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Game Critics Ignore Their Call of Duty
By Cyril Lachel     |   Posted on January 04, 2006   |   Episode 87 (Show Archive)  

   

"Private, over there is a bunch of terrible lag, you don't want to go over there!!"
Despite my fatigue for games based on World War II, I have to admit that Call of Duty 2 on the Xbox 360 is one of the most exhilarating console experiences I had in 2005. Beyond the amazing graphics and sound, the frantic pace, and the diverse level designs, Call of Duty 2 manages to get everything right. Well ... almost everything.

Few are going to argue that the single-player portions of Call of Duty 2 are stunning, covering a number of campaigns that put you in the middle of the action like no other World War II game ever has. Regardless of whether you're storming the beaches of Normandy, driving tanks in Africa, or using bombed out Russian buildings to take cover, this

This guy doesn't care about Call of Duty's lag, he's a computer controlled player!
is one heck of a ride that just doesn't let up for anything. Out of all of the Xbox 360 launch titles, Call of Duty 2 is easily the most action-packed, and one that is worth playing if only for the amazing single-player campaign.

You would think that with such an amazing story mode we would get an online experience that was leaps and bounds over everything else. But sadly that is just not the case. With its simple interface, lack of room controls, and bizarre (non-existent) rating system, Call of Duty 2 has thousands of Xbox 360 owners scratching their heads. But unfortunately it's not just these problems that keep this World War II romp from being all it can be, it's the lag that pulls this product down into the land of the unplayable.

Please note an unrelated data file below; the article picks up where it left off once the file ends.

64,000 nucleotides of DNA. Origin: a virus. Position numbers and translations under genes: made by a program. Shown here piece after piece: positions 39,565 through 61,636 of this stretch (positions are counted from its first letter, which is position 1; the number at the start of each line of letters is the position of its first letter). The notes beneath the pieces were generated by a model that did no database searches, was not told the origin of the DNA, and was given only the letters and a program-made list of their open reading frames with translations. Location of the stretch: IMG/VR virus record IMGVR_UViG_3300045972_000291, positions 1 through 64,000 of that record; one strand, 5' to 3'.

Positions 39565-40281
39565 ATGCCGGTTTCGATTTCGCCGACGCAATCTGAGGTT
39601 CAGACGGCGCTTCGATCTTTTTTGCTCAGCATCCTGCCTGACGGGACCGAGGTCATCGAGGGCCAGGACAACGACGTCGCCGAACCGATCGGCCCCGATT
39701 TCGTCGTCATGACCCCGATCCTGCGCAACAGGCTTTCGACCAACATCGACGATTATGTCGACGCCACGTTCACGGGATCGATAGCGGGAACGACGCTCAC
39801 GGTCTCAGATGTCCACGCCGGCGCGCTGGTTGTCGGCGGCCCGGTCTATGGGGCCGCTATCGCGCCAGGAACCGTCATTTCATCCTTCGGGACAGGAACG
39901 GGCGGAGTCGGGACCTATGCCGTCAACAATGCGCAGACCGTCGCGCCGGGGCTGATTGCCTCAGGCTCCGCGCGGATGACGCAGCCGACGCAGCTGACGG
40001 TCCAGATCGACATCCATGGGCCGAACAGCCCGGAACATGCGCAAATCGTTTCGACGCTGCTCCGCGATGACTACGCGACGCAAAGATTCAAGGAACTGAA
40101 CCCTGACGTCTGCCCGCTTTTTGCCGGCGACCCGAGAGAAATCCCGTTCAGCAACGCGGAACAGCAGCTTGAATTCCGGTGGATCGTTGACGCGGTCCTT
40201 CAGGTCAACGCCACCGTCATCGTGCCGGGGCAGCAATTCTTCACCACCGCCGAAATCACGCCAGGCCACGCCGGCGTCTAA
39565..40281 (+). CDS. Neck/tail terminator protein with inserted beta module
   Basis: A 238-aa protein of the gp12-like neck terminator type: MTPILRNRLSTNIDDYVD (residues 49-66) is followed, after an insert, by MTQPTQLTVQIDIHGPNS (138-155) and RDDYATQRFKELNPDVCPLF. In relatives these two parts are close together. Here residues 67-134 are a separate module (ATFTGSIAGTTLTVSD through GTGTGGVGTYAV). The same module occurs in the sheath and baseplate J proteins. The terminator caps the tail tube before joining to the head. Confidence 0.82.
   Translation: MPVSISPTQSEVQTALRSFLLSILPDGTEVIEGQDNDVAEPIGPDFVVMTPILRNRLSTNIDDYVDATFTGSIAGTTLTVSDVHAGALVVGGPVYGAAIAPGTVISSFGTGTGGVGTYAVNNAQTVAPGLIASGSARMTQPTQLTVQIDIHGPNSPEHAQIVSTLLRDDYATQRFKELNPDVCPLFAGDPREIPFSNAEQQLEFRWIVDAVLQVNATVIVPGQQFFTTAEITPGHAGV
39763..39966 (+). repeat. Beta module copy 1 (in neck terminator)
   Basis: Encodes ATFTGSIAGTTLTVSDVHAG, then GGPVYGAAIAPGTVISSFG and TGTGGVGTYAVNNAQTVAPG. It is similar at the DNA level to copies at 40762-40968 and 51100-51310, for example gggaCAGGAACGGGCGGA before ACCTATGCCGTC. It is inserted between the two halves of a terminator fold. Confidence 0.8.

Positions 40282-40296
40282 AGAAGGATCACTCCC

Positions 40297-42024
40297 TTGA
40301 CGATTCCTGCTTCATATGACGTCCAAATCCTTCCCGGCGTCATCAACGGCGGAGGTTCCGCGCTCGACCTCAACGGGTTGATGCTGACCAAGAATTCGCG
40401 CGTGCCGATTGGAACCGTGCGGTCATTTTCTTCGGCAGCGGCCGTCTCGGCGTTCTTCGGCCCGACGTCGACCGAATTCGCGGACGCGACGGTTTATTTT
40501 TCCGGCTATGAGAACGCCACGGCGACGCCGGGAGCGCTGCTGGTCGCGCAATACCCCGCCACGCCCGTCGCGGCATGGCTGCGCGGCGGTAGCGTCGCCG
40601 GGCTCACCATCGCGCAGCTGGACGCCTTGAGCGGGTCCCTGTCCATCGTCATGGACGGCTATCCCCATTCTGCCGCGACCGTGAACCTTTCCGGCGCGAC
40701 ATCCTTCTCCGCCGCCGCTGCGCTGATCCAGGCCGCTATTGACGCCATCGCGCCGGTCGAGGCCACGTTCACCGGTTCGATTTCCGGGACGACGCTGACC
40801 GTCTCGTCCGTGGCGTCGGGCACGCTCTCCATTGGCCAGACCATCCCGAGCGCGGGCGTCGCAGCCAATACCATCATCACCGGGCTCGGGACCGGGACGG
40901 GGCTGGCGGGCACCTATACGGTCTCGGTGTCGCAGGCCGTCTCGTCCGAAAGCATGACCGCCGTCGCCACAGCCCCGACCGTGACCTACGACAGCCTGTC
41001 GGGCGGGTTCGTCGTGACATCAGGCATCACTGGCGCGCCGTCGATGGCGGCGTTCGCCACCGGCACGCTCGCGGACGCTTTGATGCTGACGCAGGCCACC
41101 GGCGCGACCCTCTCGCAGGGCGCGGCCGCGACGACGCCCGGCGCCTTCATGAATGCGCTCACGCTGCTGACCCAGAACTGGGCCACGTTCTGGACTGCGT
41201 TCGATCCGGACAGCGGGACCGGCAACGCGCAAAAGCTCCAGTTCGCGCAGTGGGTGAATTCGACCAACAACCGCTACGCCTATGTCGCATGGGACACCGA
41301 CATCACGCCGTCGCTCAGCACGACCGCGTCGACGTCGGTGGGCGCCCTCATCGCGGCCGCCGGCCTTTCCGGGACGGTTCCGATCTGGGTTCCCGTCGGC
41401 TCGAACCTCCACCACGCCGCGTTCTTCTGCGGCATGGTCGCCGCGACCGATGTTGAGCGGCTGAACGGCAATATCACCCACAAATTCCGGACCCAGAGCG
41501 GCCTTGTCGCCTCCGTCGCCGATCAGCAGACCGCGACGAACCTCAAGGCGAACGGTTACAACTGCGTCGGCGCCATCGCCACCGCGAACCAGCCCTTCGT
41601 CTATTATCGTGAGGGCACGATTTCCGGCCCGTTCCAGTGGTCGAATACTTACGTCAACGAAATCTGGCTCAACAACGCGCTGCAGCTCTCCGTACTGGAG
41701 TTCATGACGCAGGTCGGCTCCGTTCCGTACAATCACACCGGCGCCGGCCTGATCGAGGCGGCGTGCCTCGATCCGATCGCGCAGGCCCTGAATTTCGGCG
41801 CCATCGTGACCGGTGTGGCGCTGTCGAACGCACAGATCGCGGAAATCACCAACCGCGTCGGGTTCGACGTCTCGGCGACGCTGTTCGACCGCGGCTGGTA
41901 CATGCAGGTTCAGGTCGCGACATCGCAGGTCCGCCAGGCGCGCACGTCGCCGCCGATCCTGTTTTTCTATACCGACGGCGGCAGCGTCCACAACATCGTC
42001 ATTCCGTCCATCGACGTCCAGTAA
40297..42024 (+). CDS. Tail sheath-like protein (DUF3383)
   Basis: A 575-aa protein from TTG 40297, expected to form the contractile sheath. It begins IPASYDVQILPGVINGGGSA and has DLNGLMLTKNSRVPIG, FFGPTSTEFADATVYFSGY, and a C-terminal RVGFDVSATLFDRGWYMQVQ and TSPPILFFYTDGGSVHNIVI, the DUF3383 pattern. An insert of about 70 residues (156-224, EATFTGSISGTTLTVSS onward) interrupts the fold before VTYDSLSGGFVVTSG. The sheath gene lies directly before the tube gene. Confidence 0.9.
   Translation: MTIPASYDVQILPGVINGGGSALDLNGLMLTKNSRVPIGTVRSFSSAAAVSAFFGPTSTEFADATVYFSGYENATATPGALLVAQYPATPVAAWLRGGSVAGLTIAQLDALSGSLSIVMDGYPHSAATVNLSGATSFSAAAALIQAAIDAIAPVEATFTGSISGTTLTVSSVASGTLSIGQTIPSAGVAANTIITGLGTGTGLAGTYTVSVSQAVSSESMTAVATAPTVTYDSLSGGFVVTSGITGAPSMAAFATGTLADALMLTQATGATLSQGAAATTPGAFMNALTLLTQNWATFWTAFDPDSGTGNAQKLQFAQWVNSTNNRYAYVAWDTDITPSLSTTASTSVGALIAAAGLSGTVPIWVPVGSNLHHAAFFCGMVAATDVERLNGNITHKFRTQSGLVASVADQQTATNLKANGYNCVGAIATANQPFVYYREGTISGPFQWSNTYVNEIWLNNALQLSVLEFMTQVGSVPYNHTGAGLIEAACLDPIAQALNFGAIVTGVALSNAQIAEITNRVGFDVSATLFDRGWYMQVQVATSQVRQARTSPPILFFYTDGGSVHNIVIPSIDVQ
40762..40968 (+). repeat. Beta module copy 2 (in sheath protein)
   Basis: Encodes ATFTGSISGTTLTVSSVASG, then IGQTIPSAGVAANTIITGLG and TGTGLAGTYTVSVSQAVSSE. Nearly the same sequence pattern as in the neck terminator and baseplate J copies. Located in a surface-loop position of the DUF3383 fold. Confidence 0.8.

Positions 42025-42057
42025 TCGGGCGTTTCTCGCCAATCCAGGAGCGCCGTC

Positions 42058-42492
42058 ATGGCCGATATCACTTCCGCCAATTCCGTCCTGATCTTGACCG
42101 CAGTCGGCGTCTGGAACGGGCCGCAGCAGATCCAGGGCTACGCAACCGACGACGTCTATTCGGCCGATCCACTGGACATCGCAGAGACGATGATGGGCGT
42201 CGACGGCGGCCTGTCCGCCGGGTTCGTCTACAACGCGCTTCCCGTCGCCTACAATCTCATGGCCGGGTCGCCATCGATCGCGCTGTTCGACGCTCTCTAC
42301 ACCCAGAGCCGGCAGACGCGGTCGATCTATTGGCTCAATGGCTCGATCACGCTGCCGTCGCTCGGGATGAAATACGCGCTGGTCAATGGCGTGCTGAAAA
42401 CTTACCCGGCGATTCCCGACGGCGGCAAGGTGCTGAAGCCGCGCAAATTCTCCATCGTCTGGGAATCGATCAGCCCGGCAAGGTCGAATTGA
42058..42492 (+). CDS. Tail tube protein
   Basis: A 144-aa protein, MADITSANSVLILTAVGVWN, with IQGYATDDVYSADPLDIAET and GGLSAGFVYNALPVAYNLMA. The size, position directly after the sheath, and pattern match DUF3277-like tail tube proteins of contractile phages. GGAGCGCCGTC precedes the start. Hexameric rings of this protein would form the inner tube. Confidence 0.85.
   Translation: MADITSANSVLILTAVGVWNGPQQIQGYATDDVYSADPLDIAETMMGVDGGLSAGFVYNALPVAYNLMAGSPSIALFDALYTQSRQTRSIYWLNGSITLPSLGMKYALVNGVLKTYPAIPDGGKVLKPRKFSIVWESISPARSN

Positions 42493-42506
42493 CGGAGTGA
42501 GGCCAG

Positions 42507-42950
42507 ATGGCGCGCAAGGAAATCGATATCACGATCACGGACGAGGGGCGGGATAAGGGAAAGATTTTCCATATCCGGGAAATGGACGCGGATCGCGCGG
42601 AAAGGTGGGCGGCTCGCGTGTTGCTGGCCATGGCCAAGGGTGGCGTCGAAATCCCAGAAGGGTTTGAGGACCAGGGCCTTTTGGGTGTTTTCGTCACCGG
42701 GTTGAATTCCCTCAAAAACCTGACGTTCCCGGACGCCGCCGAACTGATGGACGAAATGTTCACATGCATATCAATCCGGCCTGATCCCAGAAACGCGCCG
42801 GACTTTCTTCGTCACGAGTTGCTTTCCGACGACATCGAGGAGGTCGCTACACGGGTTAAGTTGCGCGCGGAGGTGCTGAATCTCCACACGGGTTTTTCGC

When it comes to video game quirks I am usually pretty understanding; after all there are bound to be some problems with first generation

If there wasn't so much lag in Call of Duty 2 maybe that guy in the doorway could have reacted faster!
products. But Call of Duty 2 is beyond having simple problems; these quirks are so bad that they will make you wonder why they included the online mode in the first place. The lag here is among the worst I have ever seen, it's the kind of lag you might expect from playing a game using a slow dial-up modem. It's bad enough that you can't control your own character, but the screen skips around so much that there is a good chance it will trigger an epileptic seizure.

You might think this is just me and my internet connection, but I assure you it is not. Talk to anybody online who owns the game and they will say the same thing. Heck, even IGN has acknowledged this problem. Several weeks ago Douglass C. Perry even went as far as to claim that "about 90% of my games suffered from lag. In most cases, it wasn't a little lag either. It was major crunching, uncontrollable, skipping all-over-the-place curse-your-mother-in-horribly-unspeakable-ways lag." This is a widespread problem that nobody is safe from, no matter what internet connection speed you have.


Call of Duty 2's online is smooth in the same kind of way Vanilla Ice was smooth!
These online problems are so common that they lead me to wonder why none of the major game publications were willing to mention it in their reviews. As I poured through all of the positive reviews I couldn't find anything about the game's terrible lag problems. Certainly this would be worth mentioning in a review, since the lag effectively makes one of Call of Duty 2's features unusable. We can debate whether or not this problem is enough to warrant a lower score, but this is the type of thing thousands of Xbox 360 owners would have liked to have known before spending the $60 on this product.

Not only are these reviewers not talking about the lag, but they seem to be saying the opposite of what just about everybody has experienced. Take GamePro's review as an example, they gave the game a perfect score and seemed to have nothing bad to say about it. "Multiplayer wise, Call of Duty 2 supports eight-player online play via Xbox Live, standard four-player split-screen, and the option to system link up to 16 players. The general FPS game types, including deathmatch, team deathmatch, and CTF, are all included, and it runs wonderfully smooth on Live."


Ever wonder how many times we're going to use this ultra-violent GamePro cover?
It runs smooth?? Well, that's news to just about everybody who has tried to play more than one or two games online. Did GamePro even have a chance to play this thing over Xbox Live, or are they (yet again) just assuming it's going to be smooth and pain free?